There has been optimism too. Now that homosexuality may be as natural as a gene can be, mightn't this temper the censorious aggression of those who only define it in terms of "abnormalty", "perversion", "chosen life style" or, as her pastor recently told a lesbian friend, "Satan's temptation". Well, it doesn't take much scientific research to determine the colour of someone's skin or their gender but that hasn't discouraged discrimination against blacks or women.
So it was unsettling, but to gays unsurprising, that bigotry rapidly confounded the optimists. Lord Jacobovits, the former Chief Rabbi, rushed into print. Not withstanding any gene, "homosexuality is a grave departure from the natural norm which we are charged to overcome like any other affliction." Cardinal Basil Hume has just repeated the Vatican's condemnation of homosexual acts as "objectively wrong" and of homosexuals as "objectively disordered".
Age old prejudice dies hard: and not only in Britain. President Clinton, having accepted campaign contributions and votes from gays and lesbians, promised to lift the ban on their serving openly in the US armed forces. He soon tasted the intensity of institutionalised homophobia from the Pentagon. In his recent announcement of very minimal changes in the status of military gays, the President came as close as any political leader has ever come to saying "sorry". He said that, when first asked about the ban, "I had never had the opportunity to discuss it with anyone." He has now learnt that the issue "is already tearing the cohesion of the military." Never mind that there is scarcely an army in Nato that doesn't accept open homosexuals, "it is right for the military to be wary of sudden changes."
Again the familiar pattern of looking at a gay issue from a straight point of view. Whether the military should welcome homosexuals is discussed primarily in terms of placating prejudice rather than removing injustice. Gay soldiers cause problems to their commanders just as gay children do to their parents.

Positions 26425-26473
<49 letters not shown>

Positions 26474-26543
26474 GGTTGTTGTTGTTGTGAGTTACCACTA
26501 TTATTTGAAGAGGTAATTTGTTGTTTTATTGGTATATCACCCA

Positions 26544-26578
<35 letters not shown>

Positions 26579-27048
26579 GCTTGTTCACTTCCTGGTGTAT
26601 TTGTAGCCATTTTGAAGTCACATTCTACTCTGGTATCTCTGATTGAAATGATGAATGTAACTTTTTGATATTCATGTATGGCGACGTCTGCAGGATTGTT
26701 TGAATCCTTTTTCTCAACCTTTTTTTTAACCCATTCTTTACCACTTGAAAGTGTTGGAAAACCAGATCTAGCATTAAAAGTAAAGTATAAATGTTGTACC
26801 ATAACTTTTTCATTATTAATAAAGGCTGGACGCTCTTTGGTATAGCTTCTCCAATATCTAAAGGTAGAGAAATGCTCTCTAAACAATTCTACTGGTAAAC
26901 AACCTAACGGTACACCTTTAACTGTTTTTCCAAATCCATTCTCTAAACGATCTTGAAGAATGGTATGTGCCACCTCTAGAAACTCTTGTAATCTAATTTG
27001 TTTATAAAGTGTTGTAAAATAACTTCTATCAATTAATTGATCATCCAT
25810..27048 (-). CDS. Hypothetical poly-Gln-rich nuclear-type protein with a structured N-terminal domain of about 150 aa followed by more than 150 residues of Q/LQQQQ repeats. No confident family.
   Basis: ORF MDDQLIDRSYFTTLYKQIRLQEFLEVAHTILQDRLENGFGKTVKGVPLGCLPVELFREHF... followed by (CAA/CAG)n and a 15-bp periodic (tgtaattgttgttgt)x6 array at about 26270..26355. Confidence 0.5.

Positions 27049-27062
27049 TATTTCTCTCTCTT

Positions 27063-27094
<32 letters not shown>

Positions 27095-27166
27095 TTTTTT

My initial reaction to the "gay gene" was to laugh. Since I was about 10,1 felt I was born gay; just as my parents, whom I didn't dare confide in, used to say I was a "born actor". Whatever it was, genetic, social, familial, environmental, consciously or unconsciously. everything happily conspired to form my sexuality. When I came out five years ago, some of my closest friends thought I was brave, even foolhardy. To be honest, that's not how it felt to me, after 49 years of half lying. Rather, it was a relief: an unnecessary millstone was lifted.
Now I have friends, half my age, who at the outset of their maturity and their careers, are establishing a new generation of openness. Two of these are currently challenging, in the European Court of Human Rights, the UK's unequal age of consent laws (16 for straights, 21 for gays. any age for lesbians). Hugo Greenhalgh is 20, his lover Will Parry is 25. They are therefore criminals and yesterday were questioned by police, deciding whether to arrest them. With the news that Mr Major is to give time for a free vote in Parliament on the age of consent, Greenhalgh and Parry have had more pressing concerns than the "gay gene".
Just a thought. How soon before expectant parents tell their friends: "It's twins. A boy and a girl. They're both going to be gay. We're calling them Michelangelo and Martina. We've painted the nursery lavender." — Ian McKellen